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Date posted: 07/05/2013

Color affects your moods and physiology. We choose colors based on their meanings for your lifestyle.

Color - it changes!

Color is a major element of interior design. However, every individual sees color a little different, and this changes with age, mood, energy level, and surroundings. Color is processed differently by computers, monitors, and cameras, along with your eyes and brain. Store lighting, the electric light in your home, and daylight all show a color differently.

Color affects your emotions and biological systems such as heart rate and brain waves.

At Mestar Designs we are sensitive to these issues. We develop our images on computers and monitors adjusted to ICC standards, the best we can do. We use PC′s to design products and interiors to achieve the best color combinations for the design and use. We consider daylight (bluish) and artificial lighting (reddish) to optimize both effects as much as possible. However, we generally favor artificial lighting because that is the most common light source for much of the time a residential interior is occupied.

Please be aware that the color you see on your monitor or on a swatch or other color sample in a store will almost certainly not be exactly the same in your interior. The color hue you see in your home will vary from hour to hour depending on light sources, the color of nearby objects, surface conditions, and the personal issues mentioned above.

Now let′s get technical - just a little, OK?

We measure light color based on its ″temperature″. Long ago someone had nothing better to do than burn some carbon and make notes of what color the light was at different temperatures. This information turned out to be very useful, especially to the lighting industry.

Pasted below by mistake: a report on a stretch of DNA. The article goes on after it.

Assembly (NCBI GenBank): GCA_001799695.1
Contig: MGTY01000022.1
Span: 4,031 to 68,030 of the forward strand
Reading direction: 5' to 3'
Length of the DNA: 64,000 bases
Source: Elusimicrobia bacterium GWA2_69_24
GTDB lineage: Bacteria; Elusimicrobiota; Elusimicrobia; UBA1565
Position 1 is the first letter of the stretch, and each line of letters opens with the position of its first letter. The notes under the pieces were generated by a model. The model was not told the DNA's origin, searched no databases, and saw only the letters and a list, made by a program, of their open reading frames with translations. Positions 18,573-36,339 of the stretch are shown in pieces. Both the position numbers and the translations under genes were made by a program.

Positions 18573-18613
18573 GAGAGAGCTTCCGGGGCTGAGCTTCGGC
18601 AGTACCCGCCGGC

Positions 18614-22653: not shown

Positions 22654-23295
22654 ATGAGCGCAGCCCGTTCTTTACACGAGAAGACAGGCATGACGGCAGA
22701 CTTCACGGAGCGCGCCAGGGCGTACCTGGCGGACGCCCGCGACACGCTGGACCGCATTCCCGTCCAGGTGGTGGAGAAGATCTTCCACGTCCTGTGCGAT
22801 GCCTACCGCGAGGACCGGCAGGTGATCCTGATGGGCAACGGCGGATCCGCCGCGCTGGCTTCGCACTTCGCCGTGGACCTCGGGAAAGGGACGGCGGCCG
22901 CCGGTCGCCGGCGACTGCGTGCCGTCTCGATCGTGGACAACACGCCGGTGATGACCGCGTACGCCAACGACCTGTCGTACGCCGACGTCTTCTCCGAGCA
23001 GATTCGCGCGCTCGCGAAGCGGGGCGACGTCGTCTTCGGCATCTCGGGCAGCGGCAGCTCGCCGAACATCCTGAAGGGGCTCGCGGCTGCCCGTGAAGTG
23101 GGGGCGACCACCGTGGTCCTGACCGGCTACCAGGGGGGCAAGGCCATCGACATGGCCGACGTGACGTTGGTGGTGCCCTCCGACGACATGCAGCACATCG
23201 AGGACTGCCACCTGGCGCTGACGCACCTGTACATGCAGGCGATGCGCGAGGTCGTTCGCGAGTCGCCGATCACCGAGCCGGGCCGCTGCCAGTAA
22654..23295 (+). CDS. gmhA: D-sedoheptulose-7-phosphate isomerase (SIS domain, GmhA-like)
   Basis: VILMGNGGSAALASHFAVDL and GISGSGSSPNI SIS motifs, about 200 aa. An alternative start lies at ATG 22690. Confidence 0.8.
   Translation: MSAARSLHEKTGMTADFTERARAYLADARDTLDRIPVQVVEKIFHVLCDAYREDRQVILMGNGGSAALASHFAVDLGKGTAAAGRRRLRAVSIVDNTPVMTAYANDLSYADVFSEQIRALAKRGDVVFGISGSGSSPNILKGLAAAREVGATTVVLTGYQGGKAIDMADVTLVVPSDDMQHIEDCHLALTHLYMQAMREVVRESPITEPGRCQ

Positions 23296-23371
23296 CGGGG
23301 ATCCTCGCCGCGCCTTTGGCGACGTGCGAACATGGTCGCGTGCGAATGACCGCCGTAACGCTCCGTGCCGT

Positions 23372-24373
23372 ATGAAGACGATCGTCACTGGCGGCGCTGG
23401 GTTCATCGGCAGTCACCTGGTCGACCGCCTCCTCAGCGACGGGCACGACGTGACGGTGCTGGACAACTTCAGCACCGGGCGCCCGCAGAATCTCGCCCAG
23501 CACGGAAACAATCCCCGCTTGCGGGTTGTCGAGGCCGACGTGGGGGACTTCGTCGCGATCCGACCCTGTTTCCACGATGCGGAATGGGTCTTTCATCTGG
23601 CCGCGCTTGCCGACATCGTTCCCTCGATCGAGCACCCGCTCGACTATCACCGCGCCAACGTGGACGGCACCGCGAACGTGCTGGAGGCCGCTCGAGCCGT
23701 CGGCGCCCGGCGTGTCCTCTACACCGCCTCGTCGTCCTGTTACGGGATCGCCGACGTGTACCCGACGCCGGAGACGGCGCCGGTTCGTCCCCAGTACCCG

The color spectrum looks something like this:

Direct sunlight includes the full spectrum of visible light at its color temperature of around 6500 degrees Kelvin (K). Remember science class and degrees Kelvin? For our purpose this isn′t important; it is the numbers and their relationships that count. Notice above that even the sun doesn′t produce all the colors completely. The areas under the curves are the colors you can see with each light source. The chart shows radiation⁄ energy wavelengths. Degrees Kelvin is the combination of all the light under each line and includes the various wavelengths across the spectrum.

So 6500K is everything under the sunlight curve above. The tungsten lamp at 2700K, rather yellowish to our eyes, includes all those colors under the tungsten lamp curve, and excludes lots of blue above it. See that pink in the upper left corner near the label “Noon Sunlight”? Objects that could reflect that color can′t because none of the light sources above will emit the right wavelength and energy. A pink cloth in the sun should look much better than the same cloth at home with any common type of indoor lighting.